Marathon attempt number two! Exactly one year after the first. I learned a lot from the whole process of preparing for and running Brighton Marathon 2018 – the most important being that I can actually run that far so this time around the worry about ‘will I finish?’ wasn’t there. The second big thing was that it probably would be a good idea to make the training more of a priority so that, even expecting to have a point at which it felt horrible, that it would come at a later point in the race.
I set up a training plan via Strava which started from three months ahead of the event day, early February, but started building up to that by running every day (even if it was just one mile) during January. Last year I had decided to do fewer runs during the week but focus on doing at least one fast run and one long run and trust (blind hope) that I’d be in reasonably good condition from teaching BodyPump and Body Combat to get round. Those classes are a great way to improve and maintain fitness but it turns there’s no substitute for logging the miles week in week out. This year I committed to more runs during the week, even if I only had time for two miles, and slowing down and taking the time to run further on the weekly long run. For the stats geeks, in 2018 from January to March I ran 150.2 miles across 23 runs and in 2019 it was 340.6 miles over 73 runs. Over double the distance and three times as many runs. The longest run I’d done in 2018 was 18.41 miles in 3:10:51 and in 2019 was 20.40 miles in 3:39:46. All this definitely contributed to a different type of experience on race day.
The first big difference was the scale of the event. I deliberately chose the Great Welsh Marathon as I wanted to do something smaller than Brighton. Fewer runners, smaller crowds of spectators and easier getting around on the day. It ended up being smaller than I’d imagined but for me that helped the whole thing feel more relaxed and more focused on the running. I travelled down with my parents the day before and after having checked into the hotel (a very convenient 10 minutes walk from the race start!) went out for a recce run to get an idea of where everything was and to see the sea! On the Sunday morning after an early breakfast my mum walked down and waited with me while the half marathon runners got started and it was time for the full marathon runners to toe the line. No waves and finish time based colour coded start funnels this time just everyone in together. Then, off we went!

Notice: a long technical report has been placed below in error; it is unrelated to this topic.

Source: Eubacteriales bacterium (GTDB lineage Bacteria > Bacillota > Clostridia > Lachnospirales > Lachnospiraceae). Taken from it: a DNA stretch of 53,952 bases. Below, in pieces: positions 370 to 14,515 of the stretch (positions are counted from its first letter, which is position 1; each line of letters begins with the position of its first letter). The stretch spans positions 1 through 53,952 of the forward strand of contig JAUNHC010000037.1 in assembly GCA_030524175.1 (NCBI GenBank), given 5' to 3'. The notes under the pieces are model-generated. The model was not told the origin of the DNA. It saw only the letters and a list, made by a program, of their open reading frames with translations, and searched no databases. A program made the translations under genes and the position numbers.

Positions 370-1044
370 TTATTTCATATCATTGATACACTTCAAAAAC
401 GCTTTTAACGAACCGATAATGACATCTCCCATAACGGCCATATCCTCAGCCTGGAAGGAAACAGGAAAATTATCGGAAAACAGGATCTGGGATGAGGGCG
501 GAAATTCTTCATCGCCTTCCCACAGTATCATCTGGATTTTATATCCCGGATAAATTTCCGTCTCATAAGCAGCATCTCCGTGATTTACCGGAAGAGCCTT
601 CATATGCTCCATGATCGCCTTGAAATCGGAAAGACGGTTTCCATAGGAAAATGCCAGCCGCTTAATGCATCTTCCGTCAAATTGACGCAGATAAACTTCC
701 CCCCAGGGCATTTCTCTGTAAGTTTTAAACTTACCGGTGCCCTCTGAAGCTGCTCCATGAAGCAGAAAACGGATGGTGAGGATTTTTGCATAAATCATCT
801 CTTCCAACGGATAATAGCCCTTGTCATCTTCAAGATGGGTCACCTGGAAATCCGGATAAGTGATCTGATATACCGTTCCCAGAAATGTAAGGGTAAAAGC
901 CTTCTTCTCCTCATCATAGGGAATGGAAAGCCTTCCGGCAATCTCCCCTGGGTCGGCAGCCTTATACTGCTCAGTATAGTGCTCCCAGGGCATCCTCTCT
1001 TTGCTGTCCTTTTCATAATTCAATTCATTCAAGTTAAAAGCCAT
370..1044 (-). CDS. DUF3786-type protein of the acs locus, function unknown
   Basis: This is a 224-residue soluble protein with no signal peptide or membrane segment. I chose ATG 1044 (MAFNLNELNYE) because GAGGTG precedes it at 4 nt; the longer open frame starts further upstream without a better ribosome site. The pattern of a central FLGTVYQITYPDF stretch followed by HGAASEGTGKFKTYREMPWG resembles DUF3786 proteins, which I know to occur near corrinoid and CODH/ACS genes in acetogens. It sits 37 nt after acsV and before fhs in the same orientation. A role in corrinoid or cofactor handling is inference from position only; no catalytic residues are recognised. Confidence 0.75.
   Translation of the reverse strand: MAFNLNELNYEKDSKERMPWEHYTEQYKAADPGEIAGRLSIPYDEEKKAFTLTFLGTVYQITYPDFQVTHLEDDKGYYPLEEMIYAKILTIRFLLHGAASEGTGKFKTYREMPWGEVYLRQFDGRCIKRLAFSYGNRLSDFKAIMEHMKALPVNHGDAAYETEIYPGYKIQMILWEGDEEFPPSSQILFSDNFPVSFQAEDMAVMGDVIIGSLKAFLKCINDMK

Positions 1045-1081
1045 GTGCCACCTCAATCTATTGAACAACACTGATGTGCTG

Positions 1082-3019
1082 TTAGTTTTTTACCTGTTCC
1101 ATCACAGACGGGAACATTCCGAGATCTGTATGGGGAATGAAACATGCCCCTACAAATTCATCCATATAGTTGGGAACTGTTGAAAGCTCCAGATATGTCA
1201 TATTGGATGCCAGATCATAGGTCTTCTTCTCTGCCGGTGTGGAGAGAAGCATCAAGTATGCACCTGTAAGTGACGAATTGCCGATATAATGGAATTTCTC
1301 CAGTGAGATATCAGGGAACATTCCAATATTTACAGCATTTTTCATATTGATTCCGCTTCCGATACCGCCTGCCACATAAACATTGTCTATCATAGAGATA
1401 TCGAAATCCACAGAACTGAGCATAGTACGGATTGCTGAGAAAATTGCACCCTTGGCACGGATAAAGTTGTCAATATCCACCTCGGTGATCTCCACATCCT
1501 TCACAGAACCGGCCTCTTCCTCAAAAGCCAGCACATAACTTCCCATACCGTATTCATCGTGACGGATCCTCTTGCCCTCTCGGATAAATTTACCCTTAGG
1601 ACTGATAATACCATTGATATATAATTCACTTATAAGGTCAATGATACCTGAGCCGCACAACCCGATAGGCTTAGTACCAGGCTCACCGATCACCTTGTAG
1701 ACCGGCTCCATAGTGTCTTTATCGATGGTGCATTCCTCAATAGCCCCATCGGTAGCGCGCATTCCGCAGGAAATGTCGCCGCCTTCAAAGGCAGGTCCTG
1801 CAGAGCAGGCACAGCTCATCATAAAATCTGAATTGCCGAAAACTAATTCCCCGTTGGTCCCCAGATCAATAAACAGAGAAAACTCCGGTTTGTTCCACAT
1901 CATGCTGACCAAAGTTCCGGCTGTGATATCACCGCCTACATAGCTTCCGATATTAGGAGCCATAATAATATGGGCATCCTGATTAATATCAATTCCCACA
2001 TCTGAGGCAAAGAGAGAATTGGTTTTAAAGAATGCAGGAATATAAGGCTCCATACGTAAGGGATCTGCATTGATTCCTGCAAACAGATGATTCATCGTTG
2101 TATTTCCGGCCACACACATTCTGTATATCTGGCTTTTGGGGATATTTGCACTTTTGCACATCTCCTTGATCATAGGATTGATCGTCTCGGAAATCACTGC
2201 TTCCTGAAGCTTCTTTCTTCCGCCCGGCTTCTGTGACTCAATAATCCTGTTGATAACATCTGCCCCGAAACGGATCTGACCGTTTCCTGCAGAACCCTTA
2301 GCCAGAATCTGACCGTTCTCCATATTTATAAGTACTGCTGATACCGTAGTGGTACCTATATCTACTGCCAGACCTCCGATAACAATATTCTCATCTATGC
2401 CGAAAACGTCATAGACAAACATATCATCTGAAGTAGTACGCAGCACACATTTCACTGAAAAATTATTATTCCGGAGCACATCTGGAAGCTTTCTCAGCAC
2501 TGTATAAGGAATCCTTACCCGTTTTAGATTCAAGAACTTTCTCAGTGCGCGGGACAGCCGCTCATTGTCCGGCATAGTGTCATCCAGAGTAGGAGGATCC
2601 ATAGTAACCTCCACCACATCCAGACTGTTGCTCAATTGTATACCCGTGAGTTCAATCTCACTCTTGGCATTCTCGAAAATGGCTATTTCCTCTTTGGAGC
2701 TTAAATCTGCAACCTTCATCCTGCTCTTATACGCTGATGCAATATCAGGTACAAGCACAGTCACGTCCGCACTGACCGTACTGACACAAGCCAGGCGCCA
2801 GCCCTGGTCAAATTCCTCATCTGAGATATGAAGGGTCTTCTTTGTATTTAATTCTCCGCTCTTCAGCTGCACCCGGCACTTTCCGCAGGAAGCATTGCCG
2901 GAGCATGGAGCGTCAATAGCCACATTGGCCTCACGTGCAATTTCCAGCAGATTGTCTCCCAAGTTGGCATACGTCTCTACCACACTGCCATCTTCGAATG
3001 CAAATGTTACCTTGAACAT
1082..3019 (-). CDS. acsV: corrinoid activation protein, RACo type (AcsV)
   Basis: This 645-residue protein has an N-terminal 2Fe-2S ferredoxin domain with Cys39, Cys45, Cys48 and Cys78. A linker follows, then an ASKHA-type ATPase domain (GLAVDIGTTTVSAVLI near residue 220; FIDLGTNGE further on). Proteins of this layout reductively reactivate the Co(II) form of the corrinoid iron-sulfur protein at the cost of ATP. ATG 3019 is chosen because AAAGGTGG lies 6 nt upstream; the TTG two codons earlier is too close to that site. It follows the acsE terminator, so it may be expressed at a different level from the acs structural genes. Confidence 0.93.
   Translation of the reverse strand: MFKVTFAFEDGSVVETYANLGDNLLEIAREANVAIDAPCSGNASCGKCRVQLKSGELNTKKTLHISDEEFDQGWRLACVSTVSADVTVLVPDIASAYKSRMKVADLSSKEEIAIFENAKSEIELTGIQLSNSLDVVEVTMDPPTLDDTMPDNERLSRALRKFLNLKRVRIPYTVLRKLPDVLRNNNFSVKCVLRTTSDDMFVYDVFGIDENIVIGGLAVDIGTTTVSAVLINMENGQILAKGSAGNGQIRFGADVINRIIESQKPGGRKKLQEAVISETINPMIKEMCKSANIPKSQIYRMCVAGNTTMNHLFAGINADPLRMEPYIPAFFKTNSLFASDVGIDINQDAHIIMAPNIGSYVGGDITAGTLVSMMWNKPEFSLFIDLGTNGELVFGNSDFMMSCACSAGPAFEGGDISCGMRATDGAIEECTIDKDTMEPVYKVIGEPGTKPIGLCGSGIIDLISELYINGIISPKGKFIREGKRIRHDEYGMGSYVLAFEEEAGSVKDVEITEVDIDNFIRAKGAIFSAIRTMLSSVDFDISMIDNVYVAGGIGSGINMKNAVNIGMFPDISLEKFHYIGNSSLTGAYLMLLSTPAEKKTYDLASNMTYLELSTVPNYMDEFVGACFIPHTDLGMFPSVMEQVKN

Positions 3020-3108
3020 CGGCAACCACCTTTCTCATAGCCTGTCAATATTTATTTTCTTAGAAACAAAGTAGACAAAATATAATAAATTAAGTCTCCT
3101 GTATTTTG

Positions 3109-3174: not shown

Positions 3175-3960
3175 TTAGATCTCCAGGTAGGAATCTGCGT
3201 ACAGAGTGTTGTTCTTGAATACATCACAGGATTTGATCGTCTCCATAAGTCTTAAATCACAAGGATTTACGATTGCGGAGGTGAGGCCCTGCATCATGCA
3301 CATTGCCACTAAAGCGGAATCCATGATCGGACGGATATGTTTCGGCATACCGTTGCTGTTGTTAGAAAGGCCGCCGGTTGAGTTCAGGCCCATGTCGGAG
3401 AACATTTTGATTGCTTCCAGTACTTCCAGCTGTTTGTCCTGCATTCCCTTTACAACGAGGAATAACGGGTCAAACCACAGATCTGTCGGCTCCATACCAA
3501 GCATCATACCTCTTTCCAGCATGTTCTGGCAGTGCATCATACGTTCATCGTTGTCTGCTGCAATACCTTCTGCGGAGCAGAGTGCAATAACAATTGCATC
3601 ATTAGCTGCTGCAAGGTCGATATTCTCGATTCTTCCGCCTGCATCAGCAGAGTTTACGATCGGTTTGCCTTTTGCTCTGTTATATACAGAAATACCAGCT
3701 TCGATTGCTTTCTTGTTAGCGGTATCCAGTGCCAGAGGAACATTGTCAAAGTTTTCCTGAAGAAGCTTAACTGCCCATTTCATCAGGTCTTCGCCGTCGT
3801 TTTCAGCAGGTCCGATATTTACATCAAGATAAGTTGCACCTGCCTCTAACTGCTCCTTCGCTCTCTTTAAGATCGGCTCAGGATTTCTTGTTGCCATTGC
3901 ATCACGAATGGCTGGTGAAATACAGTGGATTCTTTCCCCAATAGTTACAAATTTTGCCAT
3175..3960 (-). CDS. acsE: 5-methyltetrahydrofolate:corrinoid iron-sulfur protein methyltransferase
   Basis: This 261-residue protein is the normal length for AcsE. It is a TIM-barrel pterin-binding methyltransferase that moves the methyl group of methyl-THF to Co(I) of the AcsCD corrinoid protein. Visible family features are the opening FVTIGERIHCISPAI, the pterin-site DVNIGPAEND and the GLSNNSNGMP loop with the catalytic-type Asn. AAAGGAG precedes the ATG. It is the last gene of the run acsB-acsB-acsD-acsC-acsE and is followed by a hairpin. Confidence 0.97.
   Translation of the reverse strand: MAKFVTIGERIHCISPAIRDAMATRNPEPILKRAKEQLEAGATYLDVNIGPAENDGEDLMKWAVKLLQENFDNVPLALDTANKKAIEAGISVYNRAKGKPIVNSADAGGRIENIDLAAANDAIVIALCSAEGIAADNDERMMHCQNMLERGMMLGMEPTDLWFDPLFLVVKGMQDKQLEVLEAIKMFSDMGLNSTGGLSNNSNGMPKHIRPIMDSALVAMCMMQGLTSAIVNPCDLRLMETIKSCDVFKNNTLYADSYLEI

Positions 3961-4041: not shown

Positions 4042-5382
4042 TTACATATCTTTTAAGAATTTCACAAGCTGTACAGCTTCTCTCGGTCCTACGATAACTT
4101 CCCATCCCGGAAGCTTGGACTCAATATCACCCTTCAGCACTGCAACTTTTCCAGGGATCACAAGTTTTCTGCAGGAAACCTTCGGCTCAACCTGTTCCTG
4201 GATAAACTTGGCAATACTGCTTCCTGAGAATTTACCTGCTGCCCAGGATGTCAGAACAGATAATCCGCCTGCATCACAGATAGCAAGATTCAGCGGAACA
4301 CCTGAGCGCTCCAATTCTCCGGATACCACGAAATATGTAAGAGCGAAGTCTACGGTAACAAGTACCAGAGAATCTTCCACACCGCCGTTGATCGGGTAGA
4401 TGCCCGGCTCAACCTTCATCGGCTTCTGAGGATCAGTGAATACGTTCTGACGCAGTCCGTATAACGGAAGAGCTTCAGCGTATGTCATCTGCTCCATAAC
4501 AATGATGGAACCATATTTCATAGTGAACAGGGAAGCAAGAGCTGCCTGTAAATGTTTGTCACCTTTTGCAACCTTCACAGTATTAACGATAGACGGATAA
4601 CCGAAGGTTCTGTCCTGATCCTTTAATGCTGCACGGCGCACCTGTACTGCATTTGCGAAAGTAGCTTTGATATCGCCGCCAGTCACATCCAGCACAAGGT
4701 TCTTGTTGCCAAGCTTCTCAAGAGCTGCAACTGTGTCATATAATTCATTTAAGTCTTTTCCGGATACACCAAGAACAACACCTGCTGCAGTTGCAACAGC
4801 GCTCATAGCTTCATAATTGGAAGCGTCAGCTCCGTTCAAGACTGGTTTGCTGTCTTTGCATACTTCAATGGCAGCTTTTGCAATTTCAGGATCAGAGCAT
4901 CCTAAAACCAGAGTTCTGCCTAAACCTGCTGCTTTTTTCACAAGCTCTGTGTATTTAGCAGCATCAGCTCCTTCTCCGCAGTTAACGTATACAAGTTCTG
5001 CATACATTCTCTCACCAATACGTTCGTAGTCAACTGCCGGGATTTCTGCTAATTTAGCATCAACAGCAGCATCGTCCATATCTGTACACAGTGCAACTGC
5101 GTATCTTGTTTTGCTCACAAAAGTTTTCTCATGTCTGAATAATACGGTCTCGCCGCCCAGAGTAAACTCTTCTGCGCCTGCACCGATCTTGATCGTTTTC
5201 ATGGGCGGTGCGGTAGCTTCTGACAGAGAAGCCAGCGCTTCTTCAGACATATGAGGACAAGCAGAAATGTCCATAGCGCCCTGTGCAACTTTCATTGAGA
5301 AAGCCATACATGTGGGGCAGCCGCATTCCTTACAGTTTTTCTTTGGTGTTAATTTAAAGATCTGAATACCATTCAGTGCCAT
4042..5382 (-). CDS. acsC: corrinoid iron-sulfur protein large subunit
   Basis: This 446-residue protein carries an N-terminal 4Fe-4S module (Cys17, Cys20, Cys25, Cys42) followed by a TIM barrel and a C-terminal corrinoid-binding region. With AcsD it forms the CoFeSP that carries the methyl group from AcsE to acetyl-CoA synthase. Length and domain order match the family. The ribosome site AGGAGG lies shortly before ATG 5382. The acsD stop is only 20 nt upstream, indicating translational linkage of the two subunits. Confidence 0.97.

The first mile went unbelievably quickly, a bonus of there not being huge numbers of other runners, we were able to get into a rhythm very quickly. Soon after that I warmed up into it and even considered taking a layer of clothing off despite the cold and wind (although very glad I kept wrapped up by the time the wind picked up later). The course was a 13 mile figure of ‘8’ shaped circuit run once or twice for the half or full marathon. The first loop was a roughly eight mile stretch along a nature walk and out to some roads around a business park which was lovely smooth road to run on. As it was a double lap course all the mile markers for the second lap were out, taunting us, which at first was a little discouraging but then I started to imagine how tired I might feel on the second time around and prepare some motivational thoughts with the hope they would pop back into my head on seeing the signs again. I think it worked as that part of the course was definitely the easier section both times. The second part of the loop, after running back past the start/finish line, went out to and along the sea front and while this was much more scenic there were more obstacles to think about, like benches and spectators, and the wind! And seemingly endless corners to go past before getting to turn around and run back to the halfway point.